Einstein visiting the Physics
Institute in Leiden, The Netherlands.
Einstein traveled widely in the 1920s, both as a spokesman
for liberal causes and as an esteemed member of the physics
community. He visited England, France, Austria, Czechoslovakia,
and South America and traveled east as far as Japan, returning
by way of Palestine and Spain. In 1922 he went to Sweden to
accept a Nobel Prize in physics. Between 1930 and 1933 he
spent each winter in Pasadena at the California Institute
of Technology, each spring in Berlin, and each summer near
Berlin in a home at Caputh.
"How I wish that somewhere there existed an island for those
who are wise and of goodwill! In such a place even I would be
an ardent patriot."
The "Einstein Tower" in Germany.
Anti-Semitism was openly pursued by the powerful political
right and the emerging Nazi party since 1919. Nazi physicists
and their followers violently denounced Einstein's theory
of relativity as "Jewish-Communist physics." At times his
friends feared for his safety. Such anti-Semitism was one
reason why Einstein, although he believed in world government
rather than nationalism, gave public support to Zionism. "In
so far as a particular community is attacked as such," he
said, "it is bound to defend itself as such, so that its individual
members may be able to maintain their material and spiritual
interests... In present circumstances the rebuilding of Palestine
is the only object that has a sufficiently strong appeal to
stimulate the Jews to effective corporate action." But he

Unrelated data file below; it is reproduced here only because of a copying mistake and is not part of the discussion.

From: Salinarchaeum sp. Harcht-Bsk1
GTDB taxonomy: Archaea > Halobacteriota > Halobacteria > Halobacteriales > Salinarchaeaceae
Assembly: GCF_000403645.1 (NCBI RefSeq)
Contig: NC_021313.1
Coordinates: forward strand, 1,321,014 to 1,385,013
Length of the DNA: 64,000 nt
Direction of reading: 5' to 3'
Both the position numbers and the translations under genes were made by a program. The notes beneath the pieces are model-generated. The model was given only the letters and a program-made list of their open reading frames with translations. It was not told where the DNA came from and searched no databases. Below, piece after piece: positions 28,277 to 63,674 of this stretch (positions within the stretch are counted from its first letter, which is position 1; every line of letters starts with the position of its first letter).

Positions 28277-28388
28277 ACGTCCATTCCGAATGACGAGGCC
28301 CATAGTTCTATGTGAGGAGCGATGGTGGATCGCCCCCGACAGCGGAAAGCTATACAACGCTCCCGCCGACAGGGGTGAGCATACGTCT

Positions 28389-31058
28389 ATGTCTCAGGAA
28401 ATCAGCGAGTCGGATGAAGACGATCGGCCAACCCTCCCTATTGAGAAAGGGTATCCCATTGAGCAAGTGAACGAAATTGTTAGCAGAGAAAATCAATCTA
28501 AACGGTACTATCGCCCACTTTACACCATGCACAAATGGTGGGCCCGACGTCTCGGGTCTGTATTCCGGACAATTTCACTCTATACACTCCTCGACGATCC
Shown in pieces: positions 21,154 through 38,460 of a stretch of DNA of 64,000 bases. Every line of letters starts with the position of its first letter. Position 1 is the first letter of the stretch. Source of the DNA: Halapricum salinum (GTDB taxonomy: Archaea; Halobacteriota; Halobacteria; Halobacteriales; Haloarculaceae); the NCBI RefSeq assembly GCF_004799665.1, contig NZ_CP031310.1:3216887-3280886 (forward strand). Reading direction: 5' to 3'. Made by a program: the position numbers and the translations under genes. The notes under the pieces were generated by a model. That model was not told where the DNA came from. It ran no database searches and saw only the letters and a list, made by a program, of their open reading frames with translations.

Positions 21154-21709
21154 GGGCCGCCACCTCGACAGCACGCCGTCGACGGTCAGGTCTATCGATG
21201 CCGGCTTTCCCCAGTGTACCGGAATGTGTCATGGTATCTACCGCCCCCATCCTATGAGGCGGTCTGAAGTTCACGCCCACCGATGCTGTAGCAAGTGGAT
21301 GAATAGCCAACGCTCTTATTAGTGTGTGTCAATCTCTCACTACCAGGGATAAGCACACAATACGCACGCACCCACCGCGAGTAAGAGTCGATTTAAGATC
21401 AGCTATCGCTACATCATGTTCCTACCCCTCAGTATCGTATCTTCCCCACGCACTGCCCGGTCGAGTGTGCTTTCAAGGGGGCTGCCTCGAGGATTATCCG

objected to a law that required him to join the official Jewish
religious community in Berlin. He said, "Much as I feel myself
a Jew, I feel far removed from traditional religious forms."
An anti-Semitic cartoon from
As the Nazi movement grew stronger, Einstein helped to
organize a non-partisan group, within the Jewish community,
that advocated a united stand against fascism. Hitler's climb
to power, bringing official support of vicious anti-Semitism,
was making the position of Jews and other opponents of Nazism
impossible. After Einstein left Germany in 1932 he never returned.
In March 1933 he once again renounced German citizenship.
His remaining property in Germany was confiscated, and his
name appeared on the first Nazi list of people stripped of
Einstein just before he left his homeland
Click here for Einstein's voice -- on the Holocaust
| Many universities abroad were eager to invite the renowned
scientist, but he had already accepted an offer to join the
Institute for Advanced Study in Princeton, New Jersey. He arrived
in the United States in October 1933, and in 1940 became an
American citizen. In 1936 his wife Elsa died. One of her daughters
and Einstein's long-time secretary lived on with Einstein in
Princeton and helped with housekeeping.